Government Ethics Watchdog QUITS Because of Trump’s Hypocrisy

One of the Justice Department’s top corporate crime watchdogs has resigned. She says she couldn’t enforce ethics laws against companies while the Trump administration has been engaging in unethical conduct.

Hui Che, a former Pfizer and Microsoft lawyer and former federal prosecutor, was the compliance counsel in the fraud unit of DOJ’s criminal division. She discussed her reasons for quitting in a LinkedIn post published June 25, in which she wrote that it was impossible to sit across from corporate representatives and demand a basic standard of behavior that is not being enforced in the White House:

Trying to hold companies to standards that our current administration is not living up to was creating a cognitive dissonance that I could not overcome. To sit across the table from companies and question how committed they were to ethics and compliance felt not only hypocritical, but very much like shuffling the deck chair on the Titanic.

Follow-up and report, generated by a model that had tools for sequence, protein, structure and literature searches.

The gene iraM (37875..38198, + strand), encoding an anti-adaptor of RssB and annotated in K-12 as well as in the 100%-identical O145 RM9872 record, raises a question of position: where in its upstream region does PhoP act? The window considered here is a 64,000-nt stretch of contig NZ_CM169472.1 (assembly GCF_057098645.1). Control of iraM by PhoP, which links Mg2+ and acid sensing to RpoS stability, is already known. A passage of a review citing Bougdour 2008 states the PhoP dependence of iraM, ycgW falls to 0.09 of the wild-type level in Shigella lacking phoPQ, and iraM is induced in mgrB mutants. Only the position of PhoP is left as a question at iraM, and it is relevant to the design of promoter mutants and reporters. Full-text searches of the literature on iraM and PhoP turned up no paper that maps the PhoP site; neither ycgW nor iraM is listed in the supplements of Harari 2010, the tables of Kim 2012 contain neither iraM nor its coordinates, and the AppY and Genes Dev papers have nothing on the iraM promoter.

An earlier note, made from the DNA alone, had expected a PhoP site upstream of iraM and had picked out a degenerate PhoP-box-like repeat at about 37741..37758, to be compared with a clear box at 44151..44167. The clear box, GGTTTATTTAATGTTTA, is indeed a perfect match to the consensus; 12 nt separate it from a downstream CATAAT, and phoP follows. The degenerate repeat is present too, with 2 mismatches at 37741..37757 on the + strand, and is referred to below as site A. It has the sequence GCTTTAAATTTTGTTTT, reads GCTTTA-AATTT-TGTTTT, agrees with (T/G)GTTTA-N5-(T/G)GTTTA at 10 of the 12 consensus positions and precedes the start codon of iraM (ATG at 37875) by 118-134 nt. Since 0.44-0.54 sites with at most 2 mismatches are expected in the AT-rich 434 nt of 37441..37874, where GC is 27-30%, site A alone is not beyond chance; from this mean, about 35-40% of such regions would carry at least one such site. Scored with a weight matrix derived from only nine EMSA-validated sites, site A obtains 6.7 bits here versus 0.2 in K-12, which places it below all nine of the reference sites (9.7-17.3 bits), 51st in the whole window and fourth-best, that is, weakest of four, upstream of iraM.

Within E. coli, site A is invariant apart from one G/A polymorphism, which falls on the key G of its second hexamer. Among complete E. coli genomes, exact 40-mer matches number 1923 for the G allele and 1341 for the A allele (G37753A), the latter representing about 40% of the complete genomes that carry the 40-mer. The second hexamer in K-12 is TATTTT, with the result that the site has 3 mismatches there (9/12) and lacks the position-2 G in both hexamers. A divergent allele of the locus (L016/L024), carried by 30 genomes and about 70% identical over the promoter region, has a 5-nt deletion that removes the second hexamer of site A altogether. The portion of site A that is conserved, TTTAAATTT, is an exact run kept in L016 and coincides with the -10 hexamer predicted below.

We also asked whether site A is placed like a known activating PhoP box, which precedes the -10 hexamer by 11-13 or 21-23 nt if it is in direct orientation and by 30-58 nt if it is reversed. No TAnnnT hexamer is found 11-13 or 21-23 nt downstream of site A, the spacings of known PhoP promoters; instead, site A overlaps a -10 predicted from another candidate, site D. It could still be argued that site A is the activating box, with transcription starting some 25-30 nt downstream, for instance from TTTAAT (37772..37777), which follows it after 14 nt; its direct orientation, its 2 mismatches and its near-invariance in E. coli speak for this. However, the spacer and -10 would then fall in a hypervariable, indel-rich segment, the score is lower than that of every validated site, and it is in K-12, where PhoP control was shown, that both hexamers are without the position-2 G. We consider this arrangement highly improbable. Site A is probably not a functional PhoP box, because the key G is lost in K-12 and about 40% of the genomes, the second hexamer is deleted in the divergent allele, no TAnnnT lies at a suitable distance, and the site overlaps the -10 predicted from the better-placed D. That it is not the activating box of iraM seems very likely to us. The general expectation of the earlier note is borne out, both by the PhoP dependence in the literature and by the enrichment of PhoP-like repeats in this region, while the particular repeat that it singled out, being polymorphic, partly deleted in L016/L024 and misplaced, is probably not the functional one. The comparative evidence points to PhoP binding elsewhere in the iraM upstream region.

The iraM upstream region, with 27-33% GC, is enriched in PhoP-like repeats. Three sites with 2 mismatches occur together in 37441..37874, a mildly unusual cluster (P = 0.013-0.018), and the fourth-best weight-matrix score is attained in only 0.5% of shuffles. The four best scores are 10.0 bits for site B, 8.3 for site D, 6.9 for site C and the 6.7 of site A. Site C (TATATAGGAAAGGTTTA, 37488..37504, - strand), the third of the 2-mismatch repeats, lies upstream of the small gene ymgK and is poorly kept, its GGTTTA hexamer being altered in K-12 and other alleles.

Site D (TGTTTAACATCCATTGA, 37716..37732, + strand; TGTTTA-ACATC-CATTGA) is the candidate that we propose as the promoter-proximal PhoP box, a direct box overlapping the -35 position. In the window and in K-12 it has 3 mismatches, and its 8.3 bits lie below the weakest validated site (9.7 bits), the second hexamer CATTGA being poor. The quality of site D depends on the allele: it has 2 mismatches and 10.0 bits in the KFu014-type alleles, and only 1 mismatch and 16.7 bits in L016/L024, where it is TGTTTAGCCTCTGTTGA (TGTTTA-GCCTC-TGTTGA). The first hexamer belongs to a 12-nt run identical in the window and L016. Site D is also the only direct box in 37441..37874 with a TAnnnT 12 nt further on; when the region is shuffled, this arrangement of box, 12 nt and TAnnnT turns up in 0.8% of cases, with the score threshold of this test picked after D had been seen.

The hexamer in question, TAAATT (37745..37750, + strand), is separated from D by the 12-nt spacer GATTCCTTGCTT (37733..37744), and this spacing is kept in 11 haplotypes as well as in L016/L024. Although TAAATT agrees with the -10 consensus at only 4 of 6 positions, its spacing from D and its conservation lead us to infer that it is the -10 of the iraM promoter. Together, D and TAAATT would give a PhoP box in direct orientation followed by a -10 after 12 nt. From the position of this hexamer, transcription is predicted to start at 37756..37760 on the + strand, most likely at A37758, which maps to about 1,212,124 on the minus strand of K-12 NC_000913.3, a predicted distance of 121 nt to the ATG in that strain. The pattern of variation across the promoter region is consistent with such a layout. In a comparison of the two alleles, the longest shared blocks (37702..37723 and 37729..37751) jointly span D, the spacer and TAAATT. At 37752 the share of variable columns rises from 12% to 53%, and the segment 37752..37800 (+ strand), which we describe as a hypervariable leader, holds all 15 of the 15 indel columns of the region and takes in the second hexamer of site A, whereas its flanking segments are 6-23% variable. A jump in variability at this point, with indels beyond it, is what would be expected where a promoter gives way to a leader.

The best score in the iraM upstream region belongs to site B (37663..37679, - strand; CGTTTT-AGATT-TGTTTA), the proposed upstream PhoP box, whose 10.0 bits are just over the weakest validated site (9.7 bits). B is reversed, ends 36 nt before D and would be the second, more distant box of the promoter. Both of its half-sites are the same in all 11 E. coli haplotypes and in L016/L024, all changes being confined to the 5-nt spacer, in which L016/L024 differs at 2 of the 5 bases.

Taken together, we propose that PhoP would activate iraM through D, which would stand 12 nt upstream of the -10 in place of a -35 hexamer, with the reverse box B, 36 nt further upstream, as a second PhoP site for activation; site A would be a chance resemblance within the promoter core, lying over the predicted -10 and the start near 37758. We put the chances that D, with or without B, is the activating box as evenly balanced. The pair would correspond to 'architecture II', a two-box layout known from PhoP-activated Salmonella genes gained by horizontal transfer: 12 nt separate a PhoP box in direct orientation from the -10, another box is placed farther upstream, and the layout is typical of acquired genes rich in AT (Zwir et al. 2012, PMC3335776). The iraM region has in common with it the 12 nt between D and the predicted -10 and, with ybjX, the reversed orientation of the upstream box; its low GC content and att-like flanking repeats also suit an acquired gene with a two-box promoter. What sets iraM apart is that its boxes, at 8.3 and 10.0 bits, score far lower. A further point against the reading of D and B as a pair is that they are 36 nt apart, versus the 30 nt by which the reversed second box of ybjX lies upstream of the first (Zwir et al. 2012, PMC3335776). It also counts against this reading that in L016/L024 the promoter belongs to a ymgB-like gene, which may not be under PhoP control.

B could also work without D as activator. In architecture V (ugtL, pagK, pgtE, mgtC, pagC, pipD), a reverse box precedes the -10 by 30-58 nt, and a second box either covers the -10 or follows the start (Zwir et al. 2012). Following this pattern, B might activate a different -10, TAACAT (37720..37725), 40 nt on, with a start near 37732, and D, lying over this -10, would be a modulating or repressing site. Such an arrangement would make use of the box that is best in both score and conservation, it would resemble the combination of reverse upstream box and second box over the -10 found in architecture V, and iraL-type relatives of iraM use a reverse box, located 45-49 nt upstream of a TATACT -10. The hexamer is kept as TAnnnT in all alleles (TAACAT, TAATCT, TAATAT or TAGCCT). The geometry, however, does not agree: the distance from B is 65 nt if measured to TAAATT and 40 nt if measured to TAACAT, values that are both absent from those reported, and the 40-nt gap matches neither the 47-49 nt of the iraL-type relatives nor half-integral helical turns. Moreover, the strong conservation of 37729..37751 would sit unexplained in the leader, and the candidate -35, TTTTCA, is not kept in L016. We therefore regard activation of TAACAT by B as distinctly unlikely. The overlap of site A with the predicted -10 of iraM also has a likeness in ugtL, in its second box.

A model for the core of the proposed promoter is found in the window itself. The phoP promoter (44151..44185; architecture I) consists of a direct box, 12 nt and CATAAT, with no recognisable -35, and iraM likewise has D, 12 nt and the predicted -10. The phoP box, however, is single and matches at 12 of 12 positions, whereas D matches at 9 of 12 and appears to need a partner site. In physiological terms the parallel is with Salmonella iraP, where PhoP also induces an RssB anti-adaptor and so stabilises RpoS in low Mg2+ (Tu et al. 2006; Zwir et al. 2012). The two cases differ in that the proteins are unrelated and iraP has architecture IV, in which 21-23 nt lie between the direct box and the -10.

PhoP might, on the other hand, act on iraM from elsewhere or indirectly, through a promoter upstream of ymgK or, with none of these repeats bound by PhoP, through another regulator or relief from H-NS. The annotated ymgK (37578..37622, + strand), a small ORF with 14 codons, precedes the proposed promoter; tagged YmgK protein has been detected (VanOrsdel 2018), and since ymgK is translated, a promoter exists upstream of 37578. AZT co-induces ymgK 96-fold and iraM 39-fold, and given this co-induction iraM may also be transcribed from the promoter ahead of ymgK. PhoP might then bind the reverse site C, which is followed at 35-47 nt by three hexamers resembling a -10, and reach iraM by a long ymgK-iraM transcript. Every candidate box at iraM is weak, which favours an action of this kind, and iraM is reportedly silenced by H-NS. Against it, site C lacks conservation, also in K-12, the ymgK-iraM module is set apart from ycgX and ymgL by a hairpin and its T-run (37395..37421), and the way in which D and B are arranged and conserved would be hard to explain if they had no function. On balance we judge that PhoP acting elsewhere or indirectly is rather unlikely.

Even as I engaged in those questioning and evaluations, on my mind were the numerous lawsuits pending against the president of the United States for everything from violations of the Constitution to conflict of interest, the ongoing investigations of potentially treasonous conducts, and the investigators and prosecutors fired for their pursuits of principles and facts.

Those are conducts I would not tolerate seeing in a company, yet I worked under an administration that engaged in exactly those conduct. I wanted no more part in it.

 

Chen has posted several tweets critical of the administration:

“My ability to do good at a more micro-level, by exchanging ideas with the compliance community on ways to assess the effectiveness of compliance programs, was severely limited,” she wrote. “The management of the Criminal Division, of which the Fraud Section is a part, has persistently prohibited me from public speaking.”

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